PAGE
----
Ballroom Dance: History, Types, Costumes & More

For centuries until the mid-20th century, Ballroom dance was the definitive form of entertainment.

Although its popularity is nowhere near like before, modern forms of Ballroom dancing like the Waltz and Tango are still being done and enjoyed by thousands of people worldwide.

If you’re a dance enthusiast, you may have wondered once or twice about this dance. No worry, today’s article can answer all of your questions!  

What Is Ballroom Dance?

The term “Ballroom dance” doesn’t refer to any specific kind of dance. Rather, it’s an umbrella term that includes dance styles, like Waltz, Tango, Salsa, etc.

In a more technical sense, traditional Ballroom dancing is any form of dance that is performed by a couple in a closed dance position (aptly called “ballroom dance position.”)

The “partnered” portion is important here. Ballroom dancing has always been a partnered dance. Sure, it’s entirely possible to practice and – more recently – dance solo.

But you’ll have to hit the stage with a partner in most dance competitions and events.

Origin & History

Whenever “Ballroom dancing” is mentioned, most people will draw up the mental image of illustrious ballrooms in the 17th or 18th century, with people in fancy dresses and suits milling about and dancing to soft orchestral music. 

And they’re not wrong: the roots of ballroom dancing can be traced back to European court dances, mostly performed by the aristocrats.

But you may be surprised to learn that Ballroom dancing didn’t start off as a dance of society’s elites.

The Waltz, the oldest traditional ballroom dance, originated in 16th-century Europe. It’s considered the origin of ballroom dance.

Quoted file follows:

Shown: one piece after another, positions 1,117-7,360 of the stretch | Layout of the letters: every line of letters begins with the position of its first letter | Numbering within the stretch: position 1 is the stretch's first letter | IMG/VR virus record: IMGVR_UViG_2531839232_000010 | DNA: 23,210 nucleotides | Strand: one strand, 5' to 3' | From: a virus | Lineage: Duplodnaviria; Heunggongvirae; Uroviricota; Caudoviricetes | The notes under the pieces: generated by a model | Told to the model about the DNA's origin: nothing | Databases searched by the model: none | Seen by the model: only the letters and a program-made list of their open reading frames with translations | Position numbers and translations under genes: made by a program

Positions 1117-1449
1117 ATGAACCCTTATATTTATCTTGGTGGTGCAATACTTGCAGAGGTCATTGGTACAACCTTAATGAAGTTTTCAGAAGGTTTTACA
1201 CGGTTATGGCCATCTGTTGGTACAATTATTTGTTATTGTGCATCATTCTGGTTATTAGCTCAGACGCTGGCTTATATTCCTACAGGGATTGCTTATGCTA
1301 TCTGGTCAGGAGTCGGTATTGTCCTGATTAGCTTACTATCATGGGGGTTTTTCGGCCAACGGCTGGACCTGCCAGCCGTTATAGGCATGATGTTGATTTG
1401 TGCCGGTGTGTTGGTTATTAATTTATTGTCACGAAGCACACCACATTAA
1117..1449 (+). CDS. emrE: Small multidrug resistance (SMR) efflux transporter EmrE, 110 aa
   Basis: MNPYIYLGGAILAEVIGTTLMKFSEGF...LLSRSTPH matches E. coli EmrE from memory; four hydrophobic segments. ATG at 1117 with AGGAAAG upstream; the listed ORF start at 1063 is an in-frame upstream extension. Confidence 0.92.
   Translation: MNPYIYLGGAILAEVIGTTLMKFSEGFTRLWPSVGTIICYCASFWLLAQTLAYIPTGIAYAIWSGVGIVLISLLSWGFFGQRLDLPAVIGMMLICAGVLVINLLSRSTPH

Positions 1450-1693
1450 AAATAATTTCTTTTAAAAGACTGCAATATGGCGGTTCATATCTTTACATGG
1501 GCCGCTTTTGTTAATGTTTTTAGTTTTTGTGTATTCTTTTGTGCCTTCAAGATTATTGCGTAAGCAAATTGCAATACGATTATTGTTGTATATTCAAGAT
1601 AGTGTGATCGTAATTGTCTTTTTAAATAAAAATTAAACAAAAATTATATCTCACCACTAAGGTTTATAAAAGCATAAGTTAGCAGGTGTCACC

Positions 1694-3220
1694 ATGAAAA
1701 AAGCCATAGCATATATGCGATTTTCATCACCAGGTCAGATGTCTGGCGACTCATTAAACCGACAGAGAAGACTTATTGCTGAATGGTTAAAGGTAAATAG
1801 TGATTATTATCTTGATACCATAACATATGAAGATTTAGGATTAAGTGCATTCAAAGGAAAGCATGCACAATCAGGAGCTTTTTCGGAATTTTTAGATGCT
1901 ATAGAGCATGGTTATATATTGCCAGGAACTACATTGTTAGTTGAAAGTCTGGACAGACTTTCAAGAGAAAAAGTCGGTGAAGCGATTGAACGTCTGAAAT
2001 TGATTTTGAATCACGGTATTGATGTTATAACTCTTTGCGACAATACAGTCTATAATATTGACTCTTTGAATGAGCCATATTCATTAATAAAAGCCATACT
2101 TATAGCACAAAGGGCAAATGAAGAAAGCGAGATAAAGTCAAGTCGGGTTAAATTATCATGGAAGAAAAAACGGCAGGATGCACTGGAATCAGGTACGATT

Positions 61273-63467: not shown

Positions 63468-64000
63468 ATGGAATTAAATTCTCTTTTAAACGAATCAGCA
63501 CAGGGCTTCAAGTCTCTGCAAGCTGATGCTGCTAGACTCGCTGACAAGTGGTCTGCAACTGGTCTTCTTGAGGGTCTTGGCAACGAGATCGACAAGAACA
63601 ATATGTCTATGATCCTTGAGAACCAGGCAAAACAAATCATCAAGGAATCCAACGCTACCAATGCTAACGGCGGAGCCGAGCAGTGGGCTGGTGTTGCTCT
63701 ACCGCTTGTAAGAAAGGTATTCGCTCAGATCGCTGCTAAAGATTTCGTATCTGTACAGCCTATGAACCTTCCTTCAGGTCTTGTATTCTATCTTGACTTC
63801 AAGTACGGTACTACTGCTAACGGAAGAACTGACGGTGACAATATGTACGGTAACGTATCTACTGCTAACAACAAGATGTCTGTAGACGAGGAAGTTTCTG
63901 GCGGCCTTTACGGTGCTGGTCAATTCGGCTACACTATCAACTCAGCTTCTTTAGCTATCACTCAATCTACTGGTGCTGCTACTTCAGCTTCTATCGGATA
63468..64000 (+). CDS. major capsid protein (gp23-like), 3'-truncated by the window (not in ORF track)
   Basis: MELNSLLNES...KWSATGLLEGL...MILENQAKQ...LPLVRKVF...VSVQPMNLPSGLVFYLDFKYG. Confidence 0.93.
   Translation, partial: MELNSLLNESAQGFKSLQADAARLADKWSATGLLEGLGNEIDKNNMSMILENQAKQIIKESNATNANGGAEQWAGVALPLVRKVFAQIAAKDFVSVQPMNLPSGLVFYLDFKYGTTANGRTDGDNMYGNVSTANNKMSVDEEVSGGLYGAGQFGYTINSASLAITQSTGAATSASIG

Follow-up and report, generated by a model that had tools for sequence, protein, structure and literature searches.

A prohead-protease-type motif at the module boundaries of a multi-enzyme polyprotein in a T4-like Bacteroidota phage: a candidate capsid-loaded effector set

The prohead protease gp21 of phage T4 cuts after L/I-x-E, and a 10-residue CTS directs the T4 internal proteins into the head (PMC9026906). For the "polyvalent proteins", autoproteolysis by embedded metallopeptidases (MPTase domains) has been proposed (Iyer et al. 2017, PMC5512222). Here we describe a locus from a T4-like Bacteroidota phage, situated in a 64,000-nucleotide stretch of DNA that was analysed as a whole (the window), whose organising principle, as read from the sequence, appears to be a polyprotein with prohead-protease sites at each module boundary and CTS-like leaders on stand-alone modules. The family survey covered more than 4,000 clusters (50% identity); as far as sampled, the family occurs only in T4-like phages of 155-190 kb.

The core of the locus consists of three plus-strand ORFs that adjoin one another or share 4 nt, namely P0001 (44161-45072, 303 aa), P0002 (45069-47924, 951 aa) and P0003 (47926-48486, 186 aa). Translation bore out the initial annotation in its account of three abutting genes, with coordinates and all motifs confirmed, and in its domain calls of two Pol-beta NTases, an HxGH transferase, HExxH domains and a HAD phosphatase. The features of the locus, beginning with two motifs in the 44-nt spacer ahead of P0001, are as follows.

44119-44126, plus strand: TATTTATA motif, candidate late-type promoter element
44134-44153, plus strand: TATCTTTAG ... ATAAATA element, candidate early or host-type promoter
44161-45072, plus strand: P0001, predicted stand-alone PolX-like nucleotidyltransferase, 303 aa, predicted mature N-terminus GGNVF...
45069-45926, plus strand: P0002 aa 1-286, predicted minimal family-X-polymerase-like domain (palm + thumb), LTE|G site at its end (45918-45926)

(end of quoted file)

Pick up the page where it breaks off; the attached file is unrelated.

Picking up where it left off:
The Waltz was initially popular among lower classes but eventually made its way to upper classes’ households and royal courts. However, the dance is adapted to make it more “stately.” This adaptation gives rise to the Minuets.

However, aristocrats grew bored of the minuet and started attending the balls of their lower-class servants. And the two classes in society got the chance to intermingle. Ballroom dancing became a pastime for both the elites and the common people.

As the Waltz gained popularity in Vienna and was introduced to England, composers such as Johann Strauss and Franz Lanner developed more music in the 3/4 timing.

By this point, Ballroom dancing has become extremely popular throughout Europe. At every party and gathering, there’s guaranteed to be a dance or two.

From the 20th century to the modern age, besides the Waltz (which is still practiced and performed at many clubs) and the Minuets, many other exciting dance styles have been co-opted under the “Ballroom dancing” umbrella.

You have the Foxtrot, the Tango … even Swing dancing is considered a type of ballroom dancing.

History Timeline of Ballroom Dance
A Brief History Timeline of Ballroom Dance – by Hannah Faye Sacueza – University:
Marinduque State College